The new Felt AR2 aero road bike ridden, reviewed and rated
Felt AR2 2014
The AR aero series has been in Felt’s arsenal for a while, but they’ve rolled out a new chassis. Do the heady claims of 23 per cent lighter, 39 per cent stiffer and 24 per cent more aero performance than the previous AR match up on the road?
Frame and fork
As with many aero road bikes, the AR frame draws a lot of drag-reducing cues from the full-on aero bike in Felt’s family, the DA. This includes the stepped-down twin-tail fork and seatstay design that slims the profile down dramatically below the level of the tyre, to improve airflow and reduce shock transmission.
Most manufacturers claim a unique advantage to their particular construction method. However there’s no doubting Felt’s inside-out UHC Advanced carbon fibre construction, which uses hard internal formers rather than just air bags, produces a distinctively hollow, bone china feel that all our test team commented on.
Felt’s aero seatpost uses an internal Internaloc wedge and side-pull bolts to allow a much thinner, vibration-reducing, slotted tube wall that you can squeeze with your fingers.
The flip position design also lets you change effective seat angle from 72.5 degrees to a full-on tri-style 78.5 degrees.
All electric and mechanical cabling is internally routed, the battery is stuck to the end of the seatpost and the direct mount Ultegra rear brake is hidden under the chainstays. Despite all the aero tweaks, the frame still sits right on the 1kg line in a medium size.
At the time of testing, Felt only had the Ultegra Di2, 3TTT deep wheel-equipped AR2 available. It’s worth noting that the AR4 with conventional cable shifting and a Shimano RS31 wheelset – ie a slightly better spec than the other bikes here – only costs £2,499, which is outstanding value.
Once you’ve added 3T wheels, top quality Vittoria tyres and the fact the AR2 Ultegra suite also includes the super neat auxiliary Sprint shifters on the drops of the carbon fibre bars, even £4,500 is good for a Di2 machine.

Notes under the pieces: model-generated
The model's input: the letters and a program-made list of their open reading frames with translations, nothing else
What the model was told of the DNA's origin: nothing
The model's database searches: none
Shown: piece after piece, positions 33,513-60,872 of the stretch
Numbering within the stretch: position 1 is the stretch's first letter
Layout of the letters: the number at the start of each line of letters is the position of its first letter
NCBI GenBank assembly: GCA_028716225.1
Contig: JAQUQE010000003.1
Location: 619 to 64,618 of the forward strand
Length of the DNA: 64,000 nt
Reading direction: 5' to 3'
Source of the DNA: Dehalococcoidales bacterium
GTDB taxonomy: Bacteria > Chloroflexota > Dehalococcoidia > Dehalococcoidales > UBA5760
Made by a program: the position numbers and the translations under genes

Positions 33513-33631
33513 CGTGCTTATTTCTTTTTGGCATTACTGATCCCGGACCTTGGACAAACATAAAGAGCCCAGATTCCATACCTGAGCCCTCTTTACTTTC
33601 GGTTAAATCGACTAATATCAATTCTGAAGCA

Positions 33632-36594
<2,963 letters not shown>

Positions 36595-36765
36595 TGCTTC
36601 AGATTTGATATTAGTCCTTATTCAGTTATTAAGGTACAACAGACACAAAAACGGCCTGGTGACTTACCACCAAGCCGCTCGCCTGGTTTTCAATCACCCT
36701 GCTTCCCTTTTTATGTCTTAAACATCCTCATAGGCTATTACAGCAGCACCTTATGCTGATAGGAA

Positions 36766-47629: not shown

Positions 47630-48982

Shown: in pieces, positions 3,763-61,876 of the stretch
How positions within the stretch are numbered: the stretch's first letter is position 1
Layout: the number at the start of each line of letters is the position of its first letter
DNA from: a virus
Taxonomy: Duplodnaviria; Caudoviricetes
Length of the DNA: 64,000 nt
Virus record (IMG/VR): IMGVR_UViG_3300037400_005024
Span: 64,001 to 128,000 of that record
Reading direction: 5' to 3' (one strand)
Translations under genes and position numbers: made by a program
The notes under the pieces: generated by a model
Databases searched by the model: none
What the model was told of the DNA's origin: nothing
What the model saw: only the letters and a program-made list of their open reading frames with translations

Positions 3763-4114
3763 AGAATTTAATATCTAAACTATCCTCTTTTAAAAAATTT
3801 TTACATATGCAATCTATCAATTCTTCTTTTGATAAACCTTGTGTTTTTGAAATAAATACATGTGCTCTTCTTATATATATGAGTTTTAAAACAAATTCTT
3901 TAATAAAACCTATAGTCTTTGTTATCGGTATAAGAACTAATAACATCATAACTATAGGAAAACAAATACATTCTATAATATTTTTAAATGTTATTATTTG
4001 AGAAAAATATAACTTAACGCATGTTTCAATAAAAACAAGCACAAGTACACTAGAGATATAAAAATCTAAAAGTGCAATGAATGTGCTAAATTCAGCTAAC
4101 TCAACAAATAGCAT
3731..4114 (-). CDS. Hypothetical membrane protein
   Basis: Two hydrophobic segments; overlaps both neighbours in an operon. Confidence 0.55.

While it needs spacers to fit the BB30 bottom bracket, the 52/36T ring spread of the Ultegra chainset works well for the broad riding remit of the AR2. Again the compact 3T bar had fans and foes in our test team, but the perforated bar tape, with colour coded under layer and Prologo saddle, were universally well liked.
We’ve already commented on the distinctively aristocratic, bone china sensation of the AR, and every tester commented on the hollow feel of the frame. That does give it a slightly tinny feeling when you’re rolling along rough roads at slow speeds or forced into the gutter by town traffic. We’re impressed Felt has added springy zip ties to the internal Di2 wiring to stop the cables rattling about noisily inside the big tubes though.
Find an empty road and open the throttle and the Felt feels wonderful too. The smooth aerodynamics and quiet frame give a real sense of speed even when you’re still spinning the middle ring.
The faster you push the bike the smoother it feels too, with the kind of flowing vibration damping you’d expect from a sportive bike rather than an aero machine. Despite the extra battery and motor mass it’s still the lightest bike on test and it was keen to prove that every time the test roads turned upwards. Keep revs relatively high and it dances out of the saddle like a lightweight road bike, eager to accelerate and put the hurt on others even on steep pitches.
Despite having the deepest section wheels on test during a very blustery autumn testing period, the Felt remained resolutely calm and composed whatever the conditions. It felt clean and efficiently fast in serious sidewinds too, backing up the wind tunnel data that shows its biggest comparative aero advantages come in crosswinds. The calm, yet not dull, handling also helped lower overall fatigue levels and, combined with the frame flow, kept our test team fresh even on the longest test days.
While we were always glad to swap onto the Felt from a ride quality and relaxation point of view, the skinny rear axle and slim stays mean it does suffer noticeably in terms of power delivery compared to the stiffest bikes here.
Swapping the rear wheel put a lot of punch back into the Felt fight though and we think most riders will see the low-weight, high-comfort, efficient, aerodynamic, impressive-value bonuses of the Felt as sufficient offset for ultimate sprint performance for the majority of the mileage. Particularly if you’re one of many who’ll switch the seatpost and add some clip-ons straight away.
+ Light, smooth, friendly handling, tri angle adjustable frameset
+ Excellent value whether you go Di2 or conventional format
– Flexy rear wheel means it’s not the stiffest option in a straight-up sprint
– We’d probably go for the AR4 and upgrade wheels later